[This was originally a guest post on Tim Fall’s blog: “Just One Train Wreck After Another,” it has been edited and updated.]
Let’s start at the very beginning, a very good place to start (indeed). When you read you begin with A B C, yes? Yes, but it is not a simple step from learning an alphabet to advanced reading comprehension, not even in one’s first language. Children learning “the quick, brown fox jumps over the lazy dog” must have some concept of foxes and dogs, not just know their letters, to understand the basic statement this pangram is making.
Before a child can move from Little Golden Books about pokey little puppies to the Harry Potter series, she must also learn about the society in which she lives; if she is not British, then a touch of information about that society would help. She must know about school, trains, bullies, good versus evil, and how chocolate makes one feel.
She must also have a very elementary grasp of genre: the Harry Potter books are not textbooks on how to become a wizard, they are fiction meant to entertain. It is also meant to encourage young minds to think deeply about things like love, honor, courage, fear, anger, selflessness, friendship, etc. Yet she does not need to be aware of this effect on her to properly read the series.
This all may seem quite obvious, but these truths are often taken for granted, especially when it comes to reading the Bible.
I am not saying the only way a person can properly read and understand the Bible is to first learn Hebrew and Greek, and then take seminary courses on ancient Israelite society, Greco-Roman society, and historical/literary methods of analyzing scripture (although I do highly recommend this). I am pointing out that comprehension of whatever one reads first requires basic knowledge of the society/culture in and/or for whom it was written, as well as the intended genre. Interpretation comes next.
As I said above, a child can properly enjoy the Harry Potter series without ever realizing that JK Rowling is simultaneously teaching her about life, love, and friendship. Adults tend to pick up on those lessons in fiction, but they do not confuse fiction that teaches truth with a text that teaches fact (at least, not if they understand how genre works).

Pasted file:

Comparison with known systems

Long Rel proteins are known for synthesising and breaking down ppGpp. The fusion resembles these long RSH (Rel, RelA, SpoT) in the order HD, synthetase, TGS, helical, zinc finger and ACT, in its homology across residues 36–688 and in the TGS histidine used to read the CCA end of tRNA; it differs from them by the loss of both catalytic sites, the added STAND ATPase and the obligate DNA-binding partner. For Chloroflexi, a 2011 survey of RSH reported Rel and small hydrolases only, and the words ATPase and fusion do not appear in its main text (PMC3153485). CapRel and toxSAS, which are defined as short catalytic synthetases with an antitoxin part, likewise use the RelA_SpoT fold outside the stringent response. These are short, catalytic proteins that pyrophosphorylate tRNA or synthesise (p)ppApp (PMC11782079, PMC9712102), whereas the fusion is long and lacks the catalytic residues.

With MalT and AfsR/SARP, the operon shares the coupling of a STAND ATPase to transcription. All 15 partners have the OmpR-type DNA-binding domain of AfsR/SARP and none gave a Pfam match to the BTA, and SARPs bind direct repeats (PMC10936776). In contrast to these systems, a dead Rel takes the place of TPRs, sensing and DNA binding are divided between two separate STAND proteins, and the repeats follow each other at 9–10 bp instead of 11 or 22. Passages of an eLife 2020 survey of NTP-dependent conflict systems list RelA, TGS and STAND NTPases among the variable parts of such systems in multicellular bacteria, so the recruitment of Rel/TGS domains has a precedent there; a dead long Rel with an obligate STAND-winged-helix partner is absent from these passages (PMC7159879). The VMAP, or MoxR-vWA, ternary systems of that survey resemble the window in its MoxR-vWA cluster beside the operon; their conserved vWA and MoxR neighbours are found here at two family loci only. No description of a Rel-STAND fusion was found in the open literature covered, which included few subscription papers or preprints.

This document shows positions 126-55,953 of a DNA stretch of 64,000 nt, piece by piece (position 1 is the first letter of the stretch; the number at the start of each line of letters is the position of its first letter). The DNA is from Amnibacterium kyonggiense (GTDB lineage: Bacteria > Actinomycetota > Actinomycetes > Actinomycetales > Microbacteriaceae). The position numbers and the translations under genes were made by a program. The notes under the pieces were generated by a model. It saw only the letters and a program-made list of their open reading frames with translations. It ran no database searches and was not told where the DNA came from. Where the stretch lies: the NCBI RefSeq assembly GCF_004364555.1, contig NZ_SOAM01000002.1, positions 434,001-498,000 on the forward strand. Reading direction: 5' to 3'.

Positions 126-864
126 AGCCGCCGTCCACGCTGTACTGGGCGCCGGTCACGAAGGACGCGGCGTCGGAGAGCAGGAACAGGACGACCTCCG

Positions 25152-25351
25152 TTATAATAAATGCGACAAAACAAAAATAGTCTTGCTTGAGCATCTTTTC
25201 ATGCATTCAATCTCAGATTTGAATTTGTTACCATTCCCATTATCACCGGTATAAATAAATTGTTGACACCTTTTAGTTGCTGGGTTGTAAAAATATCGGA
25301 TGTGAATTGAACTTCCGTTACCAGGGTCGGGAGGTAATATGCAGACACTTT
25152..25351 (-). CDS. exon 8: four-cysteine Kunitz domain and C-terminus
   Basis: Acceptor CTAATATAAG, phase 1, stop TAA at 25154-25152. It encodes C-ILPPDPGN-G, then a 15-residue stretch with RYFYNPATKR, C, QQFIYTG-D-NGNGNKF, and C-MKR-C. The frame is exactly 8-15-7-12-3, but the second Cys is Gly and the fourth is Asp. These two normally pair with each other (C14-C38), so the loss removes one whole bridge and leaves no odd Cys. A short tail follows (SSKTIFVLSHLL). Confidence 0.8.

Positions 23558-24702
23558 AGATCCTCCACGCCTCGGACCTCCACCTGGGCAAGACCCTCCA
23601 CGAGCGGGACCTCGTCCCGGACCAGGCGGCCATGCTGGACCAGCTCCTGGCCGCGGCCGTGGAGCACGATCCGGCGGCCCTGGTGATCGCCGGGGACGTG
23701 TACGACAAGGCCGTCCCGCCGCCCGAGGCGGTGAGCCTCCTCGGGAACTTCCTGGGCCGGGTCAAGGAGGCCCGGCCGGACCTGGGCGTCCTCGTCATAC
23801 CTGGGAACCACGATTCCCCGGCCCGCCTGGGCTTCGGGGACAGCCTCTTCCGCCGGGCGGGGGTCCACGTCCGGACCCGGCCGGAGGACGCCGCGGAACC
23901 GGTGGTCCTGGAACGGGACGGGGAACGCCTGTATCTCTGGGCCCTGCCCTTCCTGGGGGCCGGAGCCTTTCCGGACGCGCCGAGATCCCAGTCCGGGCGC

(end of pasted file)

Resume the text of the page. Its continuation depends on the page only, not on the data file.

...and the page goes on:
Furthermore, not all adults agree with JK Rowling’s perspective. Both the author and the reader see with their own metaphorical set of cultural and personal lenses which tint how they understand what is written and read. Many people have had such awful experiences with forms of witchcraft in the real world that they resent Rowling for using magic to delight young minds in her quest to tell a story which actually has nothing to do with magic.
In the Harry Potter series the existence of magic is merely a literary device. The books are not meant to be propaganda for the pursuit of magic in the real world. The magical context allows Rowling to take what is so familiar as to be taken for granted and cast it in a fresh light, to make the reader see in fiction what she has become blind to in her daily life: the very fabric of our society, our cultural expressions, the framework of our political philosophies, etc.
This is true of all fantasy and science fiction works (I highly recommend reading the introduction to Ursula K. Le Guin’s The Left Hand of Darkness). Hermione’s fight for the freedom and dignity of house elves is nothing less than a fight for civil rights. Children who read learn empathy, and children who become empathetic to house elves and Hermione will grow into adults who stand for the civil rights of disenfranchised groups in real life.